Coming closer I saw the rabbi occupying my seat deeply involved in a sermon to a group of teenage rabbis, all dressed up in their orthodox outfits, including black hats and hair-locks
running down their temples.
Fray Luis de Leon offers various Spanish equivalents for [LANGUAGE NOT REPRODUCIBLE IN ASCII] all of which mean "your hair-locks": "tus guedexas" in verses 4:1 and 4:3; "tu cabello" in verse 6:6; "cabellos," "cabellera," and "lados" in the commentary, also described with precision as "la parte de los cabellos que cae sobre la frente y ojos, que algunas los suelen traer postizos"; and "copetes" ("topknot") or "aladares" ("forelocks"--one edition reads "canaladores") in the inquisitorial response to be discussed below.
Fray Luis' translation of tsammah as hair-locks lacks medieval precedents among Christian exegetes (even Nicholas of Lyra).
Rationale for his Spanish translation of tsammah as hair-locks in Song of Songs 4:1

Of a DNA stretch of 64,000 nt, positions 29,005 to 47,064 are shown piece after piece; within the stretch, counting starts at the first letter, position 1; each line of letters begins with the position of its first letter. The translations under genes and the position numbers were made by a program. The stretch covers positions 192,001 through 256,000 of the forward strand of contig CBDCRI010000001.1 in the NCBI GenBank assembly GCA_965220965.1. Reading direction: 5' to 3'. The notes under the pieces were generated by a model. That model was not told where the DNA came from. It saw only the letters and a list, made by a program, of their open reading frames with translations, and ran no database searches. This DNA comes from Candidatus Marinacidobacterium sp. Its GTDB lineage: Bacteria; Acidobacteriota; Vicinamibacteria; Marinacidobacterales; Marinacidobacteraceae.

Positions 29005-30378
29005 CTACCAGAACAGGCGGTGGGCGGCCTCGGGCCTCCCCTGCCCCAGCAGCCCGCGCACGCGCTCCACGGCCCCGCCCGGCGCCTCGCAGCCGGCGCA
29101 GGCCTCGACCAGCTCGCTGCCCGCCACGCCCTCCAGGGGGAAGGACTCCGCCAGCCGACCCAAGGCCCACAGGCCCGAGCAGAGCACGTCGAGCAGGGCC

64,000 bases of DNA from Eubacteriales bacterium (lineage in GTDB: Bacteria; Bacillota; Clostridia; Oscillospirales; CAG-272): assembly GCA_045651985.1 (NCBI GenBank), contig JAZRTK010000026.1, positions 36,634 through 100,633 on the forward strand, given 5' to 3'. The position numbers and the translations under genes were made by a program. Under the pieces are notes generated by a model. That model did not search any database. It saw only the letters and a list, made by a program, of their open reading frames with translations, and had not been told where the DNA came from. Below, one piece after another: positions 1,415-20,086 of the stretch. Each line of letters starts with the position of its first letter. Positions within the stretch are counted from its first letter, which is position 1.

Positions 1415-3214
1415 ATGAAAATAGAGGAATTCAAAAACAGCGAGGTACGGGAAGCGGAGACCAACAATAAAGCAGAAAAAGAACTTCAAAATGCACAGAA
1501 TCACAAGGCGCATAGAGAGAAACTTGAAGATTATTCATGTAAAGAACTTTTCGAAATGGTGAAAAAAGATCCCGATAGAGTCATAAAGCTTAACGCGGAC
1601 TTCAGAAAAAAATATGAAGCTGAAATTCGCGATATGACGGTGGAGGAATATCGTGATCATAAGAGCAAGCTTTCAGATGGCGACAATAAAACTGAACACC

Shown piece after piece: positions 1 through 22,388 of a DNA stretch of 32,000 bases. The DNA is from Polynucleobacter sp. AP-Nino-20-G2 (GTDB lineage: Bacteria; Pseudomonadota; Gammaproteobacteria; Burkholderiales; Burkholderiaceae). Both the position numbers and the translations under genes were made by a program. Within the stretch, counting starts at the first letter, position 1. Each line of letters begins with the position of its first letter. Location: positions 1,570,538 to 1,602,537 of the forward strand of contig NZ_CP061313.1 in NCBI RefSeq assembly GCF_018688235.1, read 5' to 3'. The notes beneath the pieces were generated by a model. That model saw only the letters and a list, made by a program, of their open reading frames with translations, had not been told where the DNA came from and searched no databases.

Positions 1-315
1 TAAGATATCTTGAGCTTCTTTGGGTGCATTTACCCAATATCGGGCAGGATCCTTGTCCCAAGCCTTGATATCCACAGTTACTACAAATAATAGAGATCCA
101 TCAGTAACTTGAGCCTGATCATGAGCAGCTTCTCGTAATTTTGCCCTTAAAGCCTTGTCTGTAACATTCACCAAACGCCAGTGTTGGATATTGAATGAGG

But even if tsammah could mean "vulva," as Jerome certainly believed, it also meant hair or hair-locks according to the Hebrew experts.
The former supposes an "adjectival" use of melekh as a type of purple ("royal purple," literally, "the purple of a king" where melekh is the second part of a construct), whereas the latter's use is strictly nominal, the hair-locks being compared to "a king captive in the tresses." The problem, in a manner of speaking, boils down to whether or not there is a comma/period before melekh.
Graetz (1871, 154-55), who may have been aware of Rashi's comment, dismisses the exegetical readings of tsammah as veil, hair-locks, or braids, and also translates it as a band, "Binde," to hold the hair (indeed, in his translation, [LANGUAGE NOT REPRODUCIBLE INASCII] begins a new clause: "deine Augen Tauben.
Sforno ignores the latter phrase but offers a brief gloss to explain why the hair-locks are like purple: